Canada offers peek at Gordie Howe bridge work
Windsor — Canadian officials on Thursday touted construction progress on their side toward building the Gordie Howe International Bridge while Michigan officials said they are on schedule to build the span.
The Windsor-Detroit Bridge Authority took reporters on a two-hour tour to see work done on the Canadian Port of Entry, where a small bridge will cross over a highway and railroad tracks.
Plans are underway to build what will be the largest port of entry to Canada, which will connect to the Gray parkway on 132 acres of land, expand to the west and then turn north over the Detroit River.
The tour offered a peek at how the Howe bridge will snake across the river that separates Ontario from Detroit. Power lines and high-voltage cables and towers in the path of the project will be placed underground.
The planned $2.1 billion bridge has the backing of various U.S. and Canadian government agencies. It aims to open in 2020.
Michael Cautillo, the president and chief executive officer of the Windsor-Detroit Bridge Authority based in Windsor, said he always believed this project would get done since he became involved in 2005.
“I knew this was going to happen, there was no doubt about it,” Cautillo said as he rode the tour bus. “It will happen, and you’re seeing proof of it happening. There’s a lot of work going on. We’ve got the property. We’re doing the advance work. We’ll get it done.
“I’m elated at what we have accomplished and what we’ll accomplish,” he added.
The Howe bridge will provide a second highway link for heavy trucks at the busiest U.S.-Canada crossing point, the second span to the aging Ambassador Bridge owned by Manuel “Matty” Moroun, who has been attempting to build a second, private span over the river.
Canada is supplying Michigan’s $550 million share of the bridge, which will have to be repaid through tolls. The state of Michigan in 2014 acquired from Detroit properties in the bridge’s footprint that were tax-reverted. The properties cost about $1.5 million, to be funded by Canada, said Andy Doctoroff, special projects adviser to Gov. Rick Snyder who represented Michigan on the tour.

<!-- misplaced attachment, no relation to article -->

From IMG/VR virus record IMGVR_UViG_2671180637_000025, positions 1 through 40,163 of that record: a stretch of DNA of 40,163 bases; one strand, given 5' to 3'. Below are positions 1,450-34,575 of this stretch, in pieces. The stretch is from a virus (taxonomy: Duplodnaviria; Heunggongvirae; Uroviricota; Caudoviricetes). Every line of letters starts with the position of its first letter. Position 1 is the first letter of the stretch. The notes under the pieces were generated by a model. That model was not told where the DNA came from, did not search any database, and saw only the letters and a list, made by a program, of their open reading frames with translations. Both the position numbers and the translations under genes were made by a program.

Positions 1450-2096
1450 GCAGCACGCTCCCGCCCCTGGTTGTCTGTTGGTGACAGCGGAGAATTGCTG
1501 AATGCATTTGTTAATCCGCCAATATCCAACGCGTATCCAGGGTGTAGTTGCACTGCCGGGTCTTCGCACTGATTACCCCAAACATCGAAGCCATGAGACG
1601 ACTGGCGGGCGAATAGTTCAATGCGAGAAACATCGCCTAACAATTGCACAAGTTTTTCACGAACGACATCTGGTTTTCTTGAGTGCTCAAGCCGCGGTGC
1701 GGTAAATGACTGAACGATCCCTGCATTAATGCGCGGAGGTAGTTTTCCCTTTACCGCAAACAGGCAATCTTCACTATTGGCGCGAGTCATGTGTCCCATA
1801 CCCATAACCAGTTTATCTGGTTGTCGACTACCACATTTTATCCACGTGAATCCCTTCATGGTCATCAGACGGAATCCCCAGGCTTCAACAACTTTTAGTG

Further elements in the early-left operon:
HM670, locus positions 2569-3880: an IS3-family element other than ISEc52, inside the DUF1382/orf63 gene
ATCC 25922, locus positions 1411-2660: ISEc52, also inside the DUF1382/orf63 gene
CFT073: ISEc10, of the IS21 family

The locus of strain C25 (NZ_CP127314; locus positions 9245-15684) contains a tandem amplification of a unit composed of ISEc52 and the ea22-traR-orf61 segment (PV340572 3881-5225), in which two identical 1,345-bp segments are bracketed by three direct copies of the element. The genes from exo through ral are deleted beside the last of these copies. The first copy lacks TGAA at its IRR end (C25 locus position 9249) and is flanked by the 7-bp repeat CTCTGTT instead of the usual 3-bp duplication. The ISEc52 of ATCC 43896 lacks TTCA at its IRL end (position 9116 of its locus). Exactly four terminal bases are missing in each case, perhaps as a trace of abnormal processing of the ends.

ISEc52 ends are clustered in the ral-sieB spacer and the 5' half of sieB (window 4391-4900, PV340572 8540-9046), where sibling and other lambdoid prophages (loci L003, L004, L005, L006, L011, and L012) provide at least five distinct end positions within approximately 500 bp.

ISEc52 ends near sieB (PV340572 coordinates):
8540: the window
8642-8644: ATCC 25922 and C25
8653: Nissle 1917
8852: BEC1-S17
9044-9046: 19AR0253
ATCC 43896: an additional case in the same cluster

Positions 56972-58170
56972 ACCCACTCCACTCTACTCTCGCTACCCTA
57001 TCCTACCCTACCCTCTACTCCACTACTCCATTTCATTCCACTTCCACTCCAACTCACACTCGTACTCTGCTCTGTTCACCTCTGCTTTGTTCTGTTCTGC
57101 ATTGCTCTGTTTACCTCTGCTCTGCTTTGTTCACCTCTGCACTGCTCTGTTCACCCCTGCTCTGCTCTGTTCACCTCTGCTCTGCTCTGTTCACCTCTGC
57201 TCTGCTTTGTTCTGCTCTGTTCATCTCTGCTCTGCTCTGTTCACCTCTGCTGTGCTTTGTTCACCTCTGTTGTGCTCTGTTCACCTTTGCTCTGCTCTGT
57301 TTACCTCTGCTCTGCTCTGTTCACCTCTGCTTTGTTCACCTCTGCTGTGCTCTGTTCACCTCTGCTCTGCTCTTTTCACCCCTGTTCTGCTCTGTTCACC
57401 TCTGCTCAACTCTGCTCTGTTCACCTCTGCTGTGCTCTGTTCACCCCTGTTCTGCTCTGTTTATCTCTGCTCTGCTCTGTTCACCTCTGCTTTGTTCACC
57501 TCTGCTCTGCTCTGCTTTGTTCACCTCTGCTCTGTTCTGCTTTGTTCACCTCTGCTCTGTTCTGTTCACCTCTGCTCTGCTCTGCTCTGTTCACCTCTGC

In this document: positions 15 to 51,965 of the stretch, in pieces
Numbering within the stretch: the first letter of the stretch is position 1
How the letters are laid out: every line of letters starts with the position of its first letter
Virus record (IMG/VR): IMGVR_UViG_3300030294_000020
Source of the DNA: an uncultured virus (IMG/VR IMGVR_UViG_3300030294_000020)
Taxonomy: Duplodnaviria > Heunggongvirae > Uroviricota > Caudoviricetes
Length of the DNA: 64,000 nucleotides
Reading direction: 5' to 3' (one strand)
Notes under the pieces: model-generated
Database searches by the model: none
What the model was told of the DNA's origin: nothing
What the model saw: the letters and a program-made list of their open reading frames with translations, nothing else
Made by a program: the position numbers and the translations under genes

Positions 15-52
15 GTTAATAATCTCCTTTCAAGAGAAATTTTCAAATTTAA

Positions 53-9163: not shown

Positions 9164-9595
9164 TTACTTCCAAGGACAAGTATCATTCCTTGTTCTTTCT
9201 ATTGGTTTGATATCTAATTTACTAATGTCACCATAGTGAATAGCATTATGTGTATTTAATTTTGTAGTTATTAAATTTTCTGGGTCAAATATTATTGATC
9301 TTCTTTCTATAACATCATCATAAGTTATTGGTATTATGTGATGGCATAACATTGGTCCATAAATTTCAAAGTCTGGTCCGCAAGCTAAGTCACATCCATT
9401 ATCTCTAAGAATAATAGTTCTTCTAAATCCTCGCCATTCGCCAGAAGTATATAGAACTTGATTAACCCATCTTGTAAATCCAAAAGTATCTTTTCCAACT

Cautillo said Canadian officials don’t look at what they are doing on their side as a competition with Michigan and “is not an us and them, this is all part of the same project.”
State officials have already started to make offers to buy nonresidential properties, although some have been rejected because appraisals were too low. The state needs to buy about 670 parcels to make way for the bridge and the Customs and Border plaza, with an estimated cost of $370 million to purchase the land.
Doctoroff said progress on the United States side is not stalled and that the project will be completed.
“We will acquire all of the properties. If we have to do it through legal actions in court, we will,” Doctoroff said. “But the important thing is that we are confident that we will be able to acquire the properties and that our defense ... to any claims that might be brought are very compelling and we have confidence in them.”
Doctoroff said all construction schedules “takes into account the length of litigation” and other struggles with acquisitions issues that could delay the project.
Doctoroff said the project on both sides is on schedule with land acquisition and other aspects.
“This bridge will get built,” he said. “This bridge is happening and there are many, many, many hundreds of people who are committed to making sure this bridge gets built. I have every confidence in the world that there will be a beautiful span to connect Ontario and Michigan. I think today simply underscores our confidence in that fact.”